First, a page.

Would you believe that Murphy beds are making a comeback? No longer a prop for slapstick comedy sketches, the Murphy bed is a great option when space is at a premium or when you want one room to do double duty. The Murphy bed can fold up into a shelving unit, a desk or even a sofa—many of which don’t even have to be dismantled or undone to use the bed, thanks to clever technology that allows installation on a rotating axle. Murphy beds can unfold perpendicularly into the room, or even parallel to the wall. Installation by a professional is key, but the result creates a truly multifunctional space and a comfortable bed.
A daybed is a great piece of furniture for sleeping extra guests, because aesthetically, it reads like seating during the day, making its home in almost any room, while providing ample room to stretch out by night. Generous throw pillows and structured sides continue the theme of a stylish couch, and a tailored bedskirt even allows you tuck a trundle beneath it. These work well in the family room, on a screened porch, even in a reading nook—but here’s the place where the standing screen might come in handy to allow privacy by night.
Particularly at the lake, guests may enjoy sleeping nearer to the stars. A screened porch is the perfect spot to include more beds for sleeping through summer nights. An old-fashioned sleeping porch, usually on the second floor, recalls those simpler times when air conditioning wasn’t even an option. If you really want to amp up the fun, outfit your porch with a hanging swing bed. Installing the swing bed is the kind of job best left to the professionals, but before you hire it out, keep in mind a few practical considerations. You’ll need at least a four-foot arc to allow the bed ample room to swing; and you should use either stainless or galvanized steel, or marine-grade braided nylon or polyester, to suspend it, to best withstand the elements. You should also encase your mattress in plastic to prevent issues with mildew. Experts say that the best wood to use for this kind of project is cedar or cypress for their hearty ability to withstand the elements; if you use pine or poplar, two other popular choices, make sure it’s treated properly—stained, painted, sealed—to prevent moisture issues.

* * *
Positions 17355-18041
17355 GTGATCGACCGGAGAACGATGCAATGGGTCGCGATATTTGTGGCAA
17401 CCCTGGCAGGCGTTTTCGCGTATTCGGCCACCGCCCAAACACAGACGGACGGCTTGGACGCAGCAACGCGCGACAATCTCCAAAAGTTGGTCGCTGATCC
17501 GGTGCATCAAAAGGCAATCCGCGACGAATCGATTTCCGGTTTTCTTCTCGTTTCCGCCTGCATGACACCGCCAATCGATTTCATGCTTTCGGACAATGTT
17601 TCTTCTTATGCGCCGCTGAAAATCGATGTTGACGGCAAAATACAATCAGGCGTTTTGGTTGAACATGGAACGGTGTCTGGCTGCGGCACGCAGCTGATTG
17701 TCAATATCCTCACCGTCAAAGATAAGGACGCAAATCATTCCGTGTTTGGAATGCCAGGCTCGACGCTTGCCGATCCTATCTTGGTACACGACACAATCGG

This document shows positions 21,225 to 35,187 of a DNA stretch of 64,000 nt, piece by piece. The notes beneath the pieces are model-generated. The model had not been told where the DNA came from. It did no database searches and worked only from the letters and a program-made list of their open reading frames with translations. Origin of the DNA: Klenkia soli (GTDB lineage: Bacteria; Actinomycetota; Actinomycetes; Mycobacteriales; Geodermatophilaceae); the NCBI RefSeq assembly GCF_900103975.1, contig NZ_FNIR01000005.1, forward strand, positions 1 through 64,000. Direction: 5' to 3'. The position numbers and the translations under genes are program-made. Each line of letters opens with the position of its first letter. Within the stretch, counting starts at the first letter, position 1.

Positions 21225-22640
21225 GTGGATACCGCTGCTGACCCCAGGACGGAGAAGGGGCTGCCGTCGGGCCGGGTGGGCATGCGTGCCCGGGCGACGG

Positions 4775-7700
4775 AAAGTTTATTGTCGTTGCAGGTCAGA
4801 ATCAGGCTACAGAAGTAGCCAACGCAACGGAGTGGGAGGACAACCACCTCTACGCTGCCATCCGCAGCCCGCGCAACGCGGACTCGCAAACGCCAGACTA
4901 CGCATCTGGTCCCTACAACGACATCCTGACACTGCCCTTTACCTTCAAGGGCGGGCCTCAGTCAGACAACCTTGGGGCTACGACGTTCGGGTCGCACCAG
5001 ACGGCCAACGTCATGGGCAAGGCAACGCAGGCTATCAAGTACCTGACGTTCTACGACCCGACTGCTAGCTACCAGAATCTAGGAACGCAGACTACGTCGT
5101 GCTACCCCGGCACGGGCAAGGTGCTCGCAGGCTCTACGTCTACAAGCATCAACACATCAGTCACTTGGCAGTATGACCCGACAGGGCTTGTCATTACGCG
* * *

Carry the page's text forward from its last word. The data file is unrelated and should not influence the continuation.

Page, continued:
And what if you are really at maximum capacity and the idea of an air mattress in the kitchen just doesn’t cut it? Don’t forget you may have a whole other place that’s a viable option: your boat! If you have a boat with sleeping berths, send your most adventuresome, flexible guests—those that aren’t susceptible to seasickness—for a night on the water. The same bedding rules apply: great sheets, warm blankets and soft pillows. Send guests down with a package of necessities—a flashlight or headlamp, water bottles, extra blankets, and maybe a cell phone so guests can text you to ask when breakfast will be ready.
Perhaps the most important thing to do when preparing to host an overnight crowd? Tire them out! Provide a day of fresh air and festivities, and your guests will be so worn out they will likely sleep just fine.